As the agriculture reform laws do not abolish mandis, the farmers’ protests are seen to be illogical, or ill-motivated, or both. However, farmers appear to sense, that with these reform laws, the government is signalling, even if not explicitly stating, that it will not invest in mandis. It is nobody’s case that APMC-run mandis are ideal agri-marketing platforms. Indeed, their outreach is inadequate, and the private sector is already active, even if illegally, in the purchase of farm produce in countless villages across the country, located at distances that make it uneconomical for small and marginal farmers to transport their produce to the mandi. These farmers usually sell their produce at low rates. Mandis lack infrastructure, and as in most public institutions, rent-seeking is ubiquitous. The outreach of mandis needs to be widened through a hub-and-spoke model, and infrastructure such as storage facilities provided to improve farmers’ holding capacity. Instead, farmers apprehend that the government will simply allow private players to move in and allow mandis to atrophy. It is noteworthy that protesting farmers have demanded the strengthening of mandis.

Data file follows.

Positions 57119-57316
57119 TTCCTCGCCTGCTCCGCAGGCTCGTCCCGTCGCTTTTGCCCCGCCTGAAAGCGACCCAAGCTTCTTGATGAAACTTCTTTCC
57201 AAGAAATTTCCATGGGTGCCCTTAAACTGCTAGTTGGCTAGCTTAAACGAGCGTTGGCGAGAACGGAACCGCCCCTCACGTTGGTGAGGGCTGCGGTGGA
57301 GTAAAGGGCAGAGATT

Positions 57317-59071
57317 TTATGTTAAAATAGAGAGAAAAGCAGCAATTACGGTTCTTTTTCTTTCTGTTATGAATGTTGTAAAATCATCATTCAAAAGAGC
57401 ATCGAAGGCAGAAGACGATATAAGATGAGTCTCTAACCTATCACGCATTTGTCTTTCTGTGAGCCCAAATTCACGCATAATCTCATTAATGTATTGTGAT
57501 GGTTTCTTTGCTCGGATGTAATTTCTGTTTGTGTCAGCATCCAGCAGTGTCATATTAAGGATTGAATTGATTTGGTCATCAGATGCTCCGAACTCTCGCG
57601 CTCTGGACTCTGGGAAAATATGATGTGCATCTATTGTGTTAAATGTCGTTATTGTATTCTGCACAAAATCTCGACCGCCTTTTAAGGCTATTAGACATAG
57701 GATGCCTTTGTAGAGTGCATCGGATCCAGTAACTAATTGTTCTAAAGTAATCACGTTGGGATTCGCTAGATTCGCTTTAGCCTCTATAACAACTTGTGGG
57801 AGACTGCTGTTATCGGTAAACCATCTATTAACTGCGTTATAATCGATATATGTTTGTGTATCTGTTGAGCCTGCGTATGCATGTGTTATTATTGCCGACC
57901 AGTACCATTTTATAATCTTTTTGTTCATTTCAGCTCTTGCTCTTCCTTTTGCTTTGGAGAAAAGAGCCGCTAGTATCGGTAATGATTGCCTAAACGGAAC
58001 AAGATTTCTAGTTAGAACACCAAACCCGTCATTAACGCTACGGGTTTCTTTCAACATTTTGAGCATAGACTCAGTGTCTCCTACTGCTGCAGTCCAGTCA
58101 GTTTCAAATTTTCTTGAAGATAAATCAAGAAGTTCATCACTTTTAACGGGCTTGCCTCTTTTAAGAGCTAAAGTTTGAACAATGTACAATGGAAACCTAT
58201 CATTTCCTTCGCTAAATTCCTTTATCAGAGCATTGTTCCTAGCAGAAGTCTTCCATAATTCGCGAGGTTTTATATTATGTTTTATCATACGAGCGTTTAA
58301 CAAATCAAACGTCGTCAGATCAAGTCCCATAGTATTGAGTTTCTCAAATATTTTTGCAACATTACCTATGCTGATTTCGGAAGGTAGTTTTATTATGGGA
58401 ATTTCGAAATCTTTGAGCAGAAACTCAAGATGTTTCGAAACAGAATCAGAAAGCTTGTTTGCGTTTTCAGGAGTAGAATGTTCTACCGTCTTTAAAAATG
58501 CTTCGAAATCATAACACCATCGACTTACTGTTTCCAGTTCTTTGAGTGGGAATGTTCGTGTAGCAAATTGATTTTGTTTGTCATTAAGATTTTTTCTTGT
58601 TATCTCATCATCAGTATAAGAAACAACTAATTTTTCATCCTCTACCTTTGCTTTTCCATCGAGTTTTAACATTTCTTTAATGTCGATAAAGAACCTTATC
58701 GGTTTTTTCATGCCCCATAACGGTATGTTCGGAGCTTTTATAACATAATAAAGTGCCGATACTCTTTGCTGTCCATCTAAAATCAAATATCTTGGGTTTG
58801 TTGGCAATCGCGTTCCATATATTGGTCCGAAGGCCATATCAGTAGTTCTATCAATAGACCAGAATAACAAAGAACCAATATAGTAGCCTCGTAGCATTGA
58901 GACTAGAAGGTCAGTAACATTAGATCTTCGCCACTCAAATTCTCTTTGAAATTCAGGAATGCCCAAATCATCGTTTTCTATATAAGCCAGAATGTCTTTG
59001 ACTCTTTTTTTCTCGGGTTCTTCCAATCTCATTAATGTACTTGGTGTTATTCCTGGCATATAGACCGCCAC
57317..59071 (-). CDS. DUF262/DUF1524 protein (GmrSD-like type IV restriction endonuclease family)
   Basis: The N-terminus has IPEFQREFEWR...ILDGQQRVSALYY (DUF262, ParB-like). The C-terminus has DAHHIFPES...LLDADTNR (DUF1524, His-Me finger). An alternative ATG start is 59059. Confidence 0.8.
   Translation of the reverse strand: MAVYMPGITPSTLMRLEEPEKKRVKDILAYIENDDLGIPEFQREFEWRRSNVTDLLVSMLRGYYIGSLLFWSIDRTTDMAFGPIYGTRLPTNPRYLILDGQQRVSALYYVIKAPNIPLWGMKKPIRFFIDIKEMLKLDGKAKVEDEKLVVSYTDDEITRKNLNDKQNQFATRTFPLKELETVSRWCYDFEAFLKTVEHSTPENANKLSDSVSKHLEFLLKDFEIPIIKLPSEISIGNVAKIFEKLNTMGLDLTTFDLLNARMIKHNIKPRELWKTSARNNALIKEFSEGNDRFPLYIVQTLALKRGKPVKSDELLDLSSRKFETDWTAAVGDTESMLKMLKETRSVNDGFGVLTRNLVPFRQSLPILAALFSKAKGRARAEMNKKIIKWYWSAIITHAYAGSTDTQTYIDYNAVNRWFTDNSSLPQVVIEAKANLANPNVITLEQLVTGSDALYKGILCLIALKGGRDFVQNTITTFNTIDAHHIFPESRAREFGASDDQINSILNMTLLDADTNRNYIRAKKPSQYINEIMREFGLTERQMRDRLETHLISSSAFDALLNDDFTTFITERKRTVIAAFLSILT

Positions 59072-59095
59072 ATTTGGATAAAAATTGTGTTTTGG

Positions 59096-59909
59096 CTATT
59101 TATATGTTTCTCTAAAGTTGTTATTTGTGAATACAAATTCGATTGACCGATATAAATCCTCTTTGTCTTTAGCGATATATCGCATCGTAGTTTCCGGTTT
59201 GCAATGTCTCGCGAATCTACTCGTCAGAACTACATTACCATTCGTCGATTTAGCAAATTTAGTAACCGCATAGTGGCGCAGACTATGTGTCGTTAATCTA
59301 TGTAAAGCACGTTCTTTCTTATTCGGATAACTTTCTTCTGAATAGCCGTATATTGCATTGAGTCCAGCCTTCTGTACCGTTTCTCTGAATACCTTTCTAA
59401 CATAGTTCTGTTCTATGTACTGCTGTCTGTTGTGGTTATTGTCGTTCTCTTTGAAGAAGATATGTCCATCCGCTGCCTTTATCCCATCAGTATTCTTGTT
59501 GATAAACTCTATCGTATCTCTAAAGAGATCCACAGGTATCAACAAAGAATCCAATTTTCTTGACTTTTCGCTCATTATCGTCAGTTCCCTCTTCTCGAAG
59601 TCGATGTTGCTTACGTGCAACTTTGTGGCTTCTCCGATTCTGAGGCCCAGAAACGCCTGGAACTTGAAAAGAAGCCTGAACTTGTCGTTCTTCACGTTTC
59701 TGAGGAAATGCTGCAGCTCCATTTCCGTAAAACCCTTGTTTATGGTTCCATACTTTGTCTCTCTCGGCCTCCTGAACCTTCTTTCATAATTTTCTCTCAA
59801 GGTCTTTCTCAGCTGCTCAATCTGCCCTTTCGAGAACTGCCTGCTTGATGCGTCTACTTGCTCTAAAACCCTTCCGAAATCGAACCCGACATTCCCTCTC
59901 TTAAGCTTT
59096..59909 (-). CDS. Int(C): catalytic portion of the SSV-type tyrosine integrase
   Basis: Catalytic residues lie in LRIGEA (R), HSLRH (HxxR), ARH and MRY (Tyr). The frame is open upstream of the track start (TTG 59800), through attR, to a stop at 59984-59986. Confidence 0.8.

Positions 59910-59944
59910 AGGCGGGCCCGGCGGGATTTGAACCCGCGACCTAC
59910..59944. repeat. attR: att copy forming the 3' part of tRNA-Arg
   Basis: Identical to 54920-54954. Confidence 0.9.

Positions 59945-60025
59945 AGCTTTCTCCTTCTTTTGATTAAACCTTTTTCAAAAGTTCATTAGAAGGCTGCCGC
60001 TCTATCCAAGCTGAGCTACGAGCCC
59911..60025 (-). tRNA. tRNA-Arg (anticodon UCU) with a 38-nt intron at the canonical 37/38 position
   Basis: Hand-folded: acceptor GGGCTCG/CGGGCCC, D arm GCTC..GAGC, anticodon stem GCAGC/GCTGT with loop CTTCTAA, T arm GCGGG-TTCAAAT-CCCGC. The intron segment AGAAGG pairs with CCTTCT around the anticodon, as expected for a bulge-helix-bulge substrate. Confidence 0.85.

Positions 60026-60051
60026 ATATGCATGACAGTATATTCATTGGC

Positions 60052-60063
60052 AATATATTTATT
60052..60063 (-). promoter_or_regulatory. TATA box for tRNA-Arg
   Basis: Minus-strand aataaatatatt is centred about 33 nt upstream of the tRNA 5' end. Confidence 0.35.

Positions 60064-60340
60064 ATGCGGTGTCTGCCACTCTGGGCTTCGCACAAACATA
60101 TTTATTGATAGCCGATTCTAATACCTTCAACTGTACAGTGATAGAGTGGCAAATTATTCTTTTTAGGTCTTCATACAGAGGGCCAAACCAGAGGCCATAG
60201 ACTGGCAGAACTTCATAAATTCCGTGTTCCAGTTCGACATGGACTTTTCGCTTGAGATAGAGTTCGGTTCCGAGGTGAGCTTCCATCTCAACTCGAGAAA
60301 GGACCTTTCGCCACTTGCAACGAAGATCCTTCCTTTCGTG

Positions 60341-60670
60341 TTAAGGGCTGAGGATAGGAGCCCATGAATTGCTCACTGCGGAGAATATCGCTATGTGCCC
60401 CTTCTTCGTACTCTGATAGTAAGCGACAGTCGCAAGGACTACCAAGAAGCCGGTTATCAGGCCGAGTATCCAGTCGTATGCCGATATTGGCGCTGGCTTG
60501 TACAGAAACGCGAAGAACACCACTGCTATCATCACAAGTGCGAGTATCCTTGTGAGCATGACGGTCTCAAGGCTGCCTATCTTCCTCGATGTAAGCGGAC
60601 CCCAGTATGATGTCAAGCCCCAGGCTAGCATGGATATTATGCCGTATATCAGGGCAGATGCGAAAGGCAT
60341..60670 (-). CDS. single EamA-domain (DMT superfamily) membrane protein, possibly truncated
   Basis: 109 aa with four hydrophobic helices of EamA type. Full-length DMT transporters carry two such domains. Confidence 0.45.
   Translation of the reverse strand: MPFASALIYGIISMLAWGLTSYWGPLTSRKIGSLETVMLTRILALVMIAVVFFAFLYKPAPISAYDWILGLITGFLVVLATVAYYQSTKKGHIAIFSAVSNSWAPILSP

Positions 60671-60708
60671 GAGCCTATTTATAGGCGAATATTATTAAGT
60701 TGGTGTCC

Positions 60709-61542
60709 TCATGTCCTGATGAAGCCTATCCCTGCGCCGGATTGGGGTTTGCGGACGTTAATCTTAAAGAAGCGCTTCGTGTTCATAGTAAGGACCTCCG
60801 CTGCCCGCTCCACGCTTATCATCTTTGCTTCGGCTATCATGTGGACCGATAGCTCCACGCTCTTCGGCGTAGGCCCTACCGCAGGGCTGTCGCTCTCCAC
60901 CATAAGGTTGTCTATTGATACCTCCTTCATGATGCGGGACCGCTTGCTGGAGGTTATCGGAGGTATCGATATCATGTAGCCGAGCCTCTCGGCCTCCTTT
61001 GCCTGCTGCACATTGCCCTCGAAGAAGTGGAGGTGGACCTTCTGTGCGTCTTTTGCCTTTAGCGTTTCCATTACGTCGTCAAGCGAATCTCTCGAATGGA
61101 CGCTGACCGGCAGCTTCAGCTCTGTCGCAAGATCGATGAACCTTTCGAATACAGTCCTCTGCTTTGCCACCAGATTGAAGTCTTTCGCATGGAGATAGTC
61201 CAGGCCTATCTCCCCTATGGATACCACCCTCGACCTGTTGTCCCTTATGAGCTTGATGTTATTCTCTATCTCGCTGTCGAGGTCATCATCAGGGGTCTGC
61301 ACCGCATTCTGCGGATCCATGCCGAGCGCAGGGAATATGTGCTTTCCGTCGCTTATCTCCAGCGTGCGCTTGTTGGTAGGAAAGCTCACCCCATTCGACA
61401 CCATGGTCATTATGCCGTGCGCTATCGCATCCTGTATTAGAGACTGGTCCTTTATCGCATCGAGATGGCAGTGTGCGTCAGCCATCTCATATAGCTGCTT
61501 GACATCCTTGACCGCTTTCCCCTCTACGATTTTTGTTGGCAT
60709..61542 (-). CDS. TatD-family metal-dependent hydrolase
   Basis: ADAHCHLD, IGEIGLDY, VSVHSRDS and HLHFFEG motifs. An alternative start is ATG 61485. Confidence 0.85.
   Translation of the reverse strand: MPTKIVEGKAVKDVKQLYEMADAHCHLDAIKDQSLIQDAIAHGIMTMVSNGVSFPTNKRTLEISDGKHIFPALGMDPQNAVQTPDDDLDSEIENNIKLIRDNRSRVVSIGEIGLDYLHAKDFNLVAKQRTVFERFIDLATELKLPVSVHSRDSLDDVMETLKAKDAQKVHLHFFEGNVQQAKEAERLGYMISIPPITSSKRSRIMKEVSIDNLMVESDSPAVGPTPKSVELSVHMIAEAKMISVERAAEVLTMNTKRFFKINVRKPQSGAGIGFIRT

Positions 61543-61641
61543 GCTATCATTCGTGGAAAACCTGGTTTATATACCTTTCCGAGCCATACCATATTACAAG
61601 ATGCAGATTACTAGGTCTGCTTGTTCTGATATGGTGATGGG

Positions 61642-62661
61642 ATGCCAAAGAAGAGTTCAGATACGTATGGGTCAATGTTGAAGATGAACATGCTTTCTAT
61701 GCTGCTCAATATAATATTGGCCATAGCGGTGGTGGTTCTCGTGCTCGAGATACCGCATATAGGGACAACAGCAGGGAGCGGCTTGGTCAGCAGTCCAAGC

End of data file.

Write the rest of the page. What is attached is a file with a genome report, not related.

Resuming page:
The farmers’ perception that the government is withdrawing leaving farmers to their fate, apparent in their fears about the retraction of the minimum support price (MSP), is strengthened by the provisions for contract farming in the farm reform laws. Farmers largely view corporates as unwilling to share risks while seeking higher returns for themselves. They have also witnessed declining public investments in agriculture for over two decades now, a fact extensively documented by agri-economists. Notably, reform laws provide no details about the regulation of corporate players. Further, even if provisions regarding their regulation were added, India has a poor record of enforcing laws where powerful interests are concerned.
Farmers seem to understand instinctively what eludes the government and many experts: privatisation cannot substitute inadequate public institutions. They sense that the entry of private players in the context of poor law enforcement does not offer real ‘choice’. In fact, if the government is serious about creating alternative marketing avenues through private sector players, it is even more important to upgrade the mandi infrastructure to give farmers a genuine option of multiple competing platforms. The social and economic capital invested in mandis over the past six decades should not be wasted, but strengthened. Equally, for genuinely productive use of private sector initiative, enhanced provisions for regulation, as well as regulatory capacity, are necessary.
Far from being illogical or misinformed, the farmers’ agitation is rooted in an intuitive discernment of the biggest policy misorientation today, ie, the idea that we do not need to build strong public in institutions, and instead, we can simply privatise. Farmers know that such simplistic solutions don’t work.
Pravesh Sharma leads an agri-start up, and Rashmi Sharma is senior visiting fellow, ICRIER. Both are former IAS officers. Views are personal